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Puppets by Mark Williams. Photo by Johanna Austin.

Review: ‘The Enchanted’ at Idiopathic Ridiculopathy Consortium

A colorful clearing outside a provincial French village is visited by the spirit of a murderer who enthralls Isabel, an innocent young schoolteacher obsessed with the enigma of death. Aided by the wise local Doctor, opposed by the hard-nosed Government Inspector, and courted by a handsome enamored Supervisor, will she forsake the supernatural, succumb to […]

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Samantha Rosentrater. Photo by Matthew J. Photography.

Review: ‘Grand Concourse’ at Theatre Horizon

Heidi Schreck’s fascinating play Grand Concourse is set in a church soup kitchen, among people who need a hand and those who help them. The play deals with poverty, but its biggest concern is the people who work in this field, devoting their lives to helping others and giving of themselves. What happens to the […]

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Geoff Sobelle.

Review: ‘The Object Lesson’ at New York Theatre Workshop

As an avid collector of art, antiques, and memorabilia, with a PhD in Art History, I have spent a lot of time around objects, studying, explaining, and appreciating them. And I’ve always known that it’s not the monetary value or the conspicuous consumption of the things we accumulate that matter; it’s the sense of beauty, […]

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Anna Zaida Szapiro. Photo by Dave Sarrafian.

Review: ‘The Seagull’ at EgoPo Classic Theater

Anton Chekhov’s The Seagull is one of the most durable of all 19th century plays. But it’s a play that producers, directors, and playwrights love to tinker with. In the last few years, audiences in Philadelphia and New York have been presented with updated rewrites of the work (including a musical version) rather than the original. EgoPo […]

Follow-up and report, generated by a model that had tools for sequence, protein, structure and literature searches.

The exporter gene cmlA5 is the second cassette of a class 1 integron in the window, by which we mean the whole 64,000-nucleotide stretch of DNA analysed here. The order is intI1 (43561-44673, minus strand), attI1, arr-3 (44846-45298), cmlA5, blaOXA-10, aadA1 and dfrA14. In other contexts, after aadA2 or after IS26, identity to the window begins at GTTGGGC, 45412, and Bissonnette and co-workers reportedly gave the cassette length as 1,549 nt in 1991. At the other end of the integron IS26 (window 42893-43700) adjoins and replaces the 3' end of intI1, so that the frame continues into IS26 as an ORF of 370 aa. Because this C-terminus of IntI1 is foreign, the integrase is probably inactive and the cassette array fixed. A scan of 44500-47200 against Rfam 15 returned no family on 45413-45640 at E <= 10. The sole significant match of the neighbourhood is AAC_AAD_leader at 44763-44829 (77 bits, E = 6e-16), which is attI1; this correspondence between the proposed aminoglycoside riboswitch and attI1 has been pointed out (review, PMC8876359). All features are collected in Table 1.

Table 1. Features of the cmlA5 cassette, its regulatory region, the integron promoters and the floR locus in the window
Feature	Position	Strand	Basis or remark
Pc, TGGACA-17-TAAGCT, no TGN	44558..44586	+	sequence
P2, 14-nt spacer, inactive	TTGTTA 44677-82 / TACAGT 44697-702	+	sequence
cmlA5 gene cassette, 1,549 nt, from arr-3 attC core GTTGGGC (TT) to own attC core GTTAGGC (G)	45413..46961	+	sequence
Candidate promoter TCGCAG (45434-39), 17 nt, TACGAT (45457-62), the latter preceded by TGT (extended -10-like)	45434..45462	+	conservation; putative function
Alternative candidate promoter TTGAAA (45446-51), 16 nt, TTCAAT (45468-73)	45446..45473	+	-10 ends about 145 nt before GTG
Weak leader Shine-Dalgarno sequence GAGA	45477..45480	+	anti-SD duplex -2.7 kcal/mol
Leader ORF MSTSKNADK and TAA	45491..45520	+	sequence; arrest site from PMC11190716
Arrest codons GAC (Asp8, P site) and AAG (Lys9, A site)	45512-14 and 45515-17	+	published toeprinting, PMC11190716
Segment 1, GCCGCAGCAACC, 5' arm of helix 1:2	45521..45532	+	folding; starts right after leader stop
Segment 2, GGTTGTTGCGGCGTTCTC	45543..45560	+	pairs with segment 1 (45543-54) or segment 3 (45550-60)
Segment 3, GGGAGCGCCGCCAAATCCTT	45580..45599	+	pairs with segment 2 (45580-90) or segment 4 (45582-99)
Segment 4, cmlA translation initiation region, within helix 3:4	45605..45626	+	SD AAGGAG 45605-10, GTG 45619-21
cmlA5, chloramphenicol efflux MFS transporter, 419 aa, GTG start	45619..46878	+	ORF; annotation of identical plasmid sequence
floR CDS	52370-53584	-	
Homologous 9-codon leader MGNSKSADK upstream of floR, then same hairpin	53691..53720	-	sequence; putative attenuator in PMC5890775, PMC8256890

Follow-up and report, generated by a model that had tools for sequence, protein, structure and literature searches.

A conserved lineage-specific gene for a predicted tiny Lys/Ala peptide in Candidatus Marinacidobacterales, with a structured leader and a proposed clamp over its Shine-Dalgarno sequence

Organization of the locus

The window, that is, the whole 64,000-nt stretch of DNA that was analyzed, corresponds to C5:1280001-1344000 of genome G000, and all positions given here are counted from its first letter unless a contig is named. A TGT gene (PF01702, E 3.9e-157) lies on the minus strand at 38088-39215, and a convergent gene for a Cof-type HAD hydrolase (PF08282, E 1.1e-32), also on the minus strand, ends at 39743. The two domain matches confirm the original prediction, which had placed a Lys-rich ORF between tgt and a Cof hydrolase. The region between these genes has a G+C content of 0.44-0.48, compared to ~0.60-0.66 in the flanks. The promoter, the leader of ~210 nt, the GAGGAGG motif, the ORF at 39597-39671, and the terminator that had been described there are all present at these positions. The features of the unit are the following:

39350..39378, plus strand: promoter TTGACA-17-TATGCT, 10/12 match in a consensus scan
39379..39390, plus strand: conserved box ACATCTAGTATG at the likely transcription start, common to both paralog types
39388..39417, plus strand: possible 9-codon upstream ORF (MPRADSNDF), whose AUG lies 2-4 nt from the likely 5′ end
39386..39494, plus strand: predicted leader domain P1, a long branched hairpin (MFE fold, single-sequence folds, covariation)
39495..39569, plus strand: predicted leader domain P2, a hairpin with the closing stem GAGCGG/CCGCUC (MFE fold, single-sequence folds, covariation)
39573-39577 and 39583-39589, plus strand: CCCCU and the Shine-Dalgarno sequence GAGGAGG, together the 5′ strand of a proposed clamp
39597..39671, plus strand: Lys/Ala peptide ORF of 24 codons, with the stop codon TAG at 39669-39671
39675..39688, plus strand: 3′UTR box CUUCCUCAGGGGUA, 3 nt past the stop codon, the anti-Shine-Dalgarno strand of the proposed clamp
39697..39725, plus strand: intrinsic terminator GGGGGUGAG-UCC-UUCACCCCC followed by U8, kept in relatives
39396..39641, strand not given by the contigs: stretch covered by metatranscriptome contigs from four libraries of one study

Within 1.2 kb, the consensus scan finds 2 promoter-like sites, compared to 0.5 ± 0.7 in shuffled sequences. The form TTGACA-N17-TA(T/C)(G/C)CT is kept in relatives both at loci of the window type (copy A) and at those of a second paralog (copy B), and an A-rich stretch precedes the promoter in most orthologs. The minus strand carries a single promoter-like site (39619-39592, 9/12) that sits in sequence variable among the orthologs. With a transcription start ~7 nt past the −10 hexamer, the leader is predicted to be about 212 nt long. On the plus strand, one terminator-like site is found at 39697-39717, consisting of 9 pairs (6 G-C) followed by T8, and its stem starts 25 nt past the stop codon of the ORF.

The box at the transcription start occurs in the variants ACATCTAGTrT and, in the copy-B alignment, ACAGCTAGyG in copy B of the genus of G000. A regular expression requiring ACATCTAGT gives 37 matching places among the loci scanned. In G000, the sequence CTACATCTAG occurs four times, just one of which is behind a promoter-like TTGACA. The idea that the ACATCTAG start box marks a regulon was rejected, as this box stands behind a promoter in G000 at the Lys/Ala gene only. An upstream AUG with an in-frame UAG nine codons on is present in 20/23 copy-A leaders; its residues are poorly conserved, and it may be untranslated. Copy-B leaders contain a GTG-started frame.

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Any Given Monday at the Stagecrafters Theater

Review: ‘Any Given Monday’ at the Stagecrafters Theater

If you want to tell people the truth, make them laugh. Otherwise they’ll kill you. That quote, usually attributed to George Bernard Shaw, aptly describes Any Given Monday, a play by Philadelphia’s very own Shaw, Bruce Graham, that will make you laugh out loud and then stay up all night pondering the author’s moral questions. […]

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Dana Kreitz and Lee Cortopassi. Photo courtesy the production.

Review: ‘The Big’ at The Sedgwick Theater

Lee Cortopassi’s The Big offers a fun, farcical take on classic film noir, loaded with ludicrous, laugh-out-load moments of sheer, nearly surreal silliness. Set between 1939 and 1942, The Big follows three stock noir characters – sultry wannabe actress Scotch Esperanza (Dana Kreitz), notorious yet sensitive criminal Matty McFadden (Lee Cortopassi), and comically clueless detective […]

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Lexi Gwynn and Brandon O'Rourke. Photo by Maura McConnell.

Review: ‘Romeo & Juliet’ at The Media Theatre

“Two households, both alike in dignity In fair Verona, where we lay our scene From ancient grudge break to new mutiny Where civil blood makes civil hands unclean….” Delaware County’s Media Theatre continues its current season with a production of William Shakespeare’s Romeo & Juliet. Playing in the company’s State Street venue through February 19th, […]

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Love for Sale

Review: ‘Love for Sale’ at the Huron Club at SoHo Playhouse

Now in its American premiere after performing in London and Edinburgh, Love for Sale takes us to Paris, 1934, for a “cabaret-play” woven around the music of Kurt Weill and contemporary songwriters from the era of World War and Depression. Written and performed by Kelly Burke, and presented by Tilted Productions, the show tells the […]

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Review: ‘Marcus/Emma’ at InterAct Theatre Company

Marcus Garvey and Emma Goldman were known for their stirring, provocative speeches. But I doubt that, in any of her speeches, Goldman ever said anything as provocative as “Solidarity is sexy! Yeah!” Or that Garvey ever pointed to himself and said “You can’t deport this. You can’t deport this raw sex power.” Mary Tuomanen’s play […]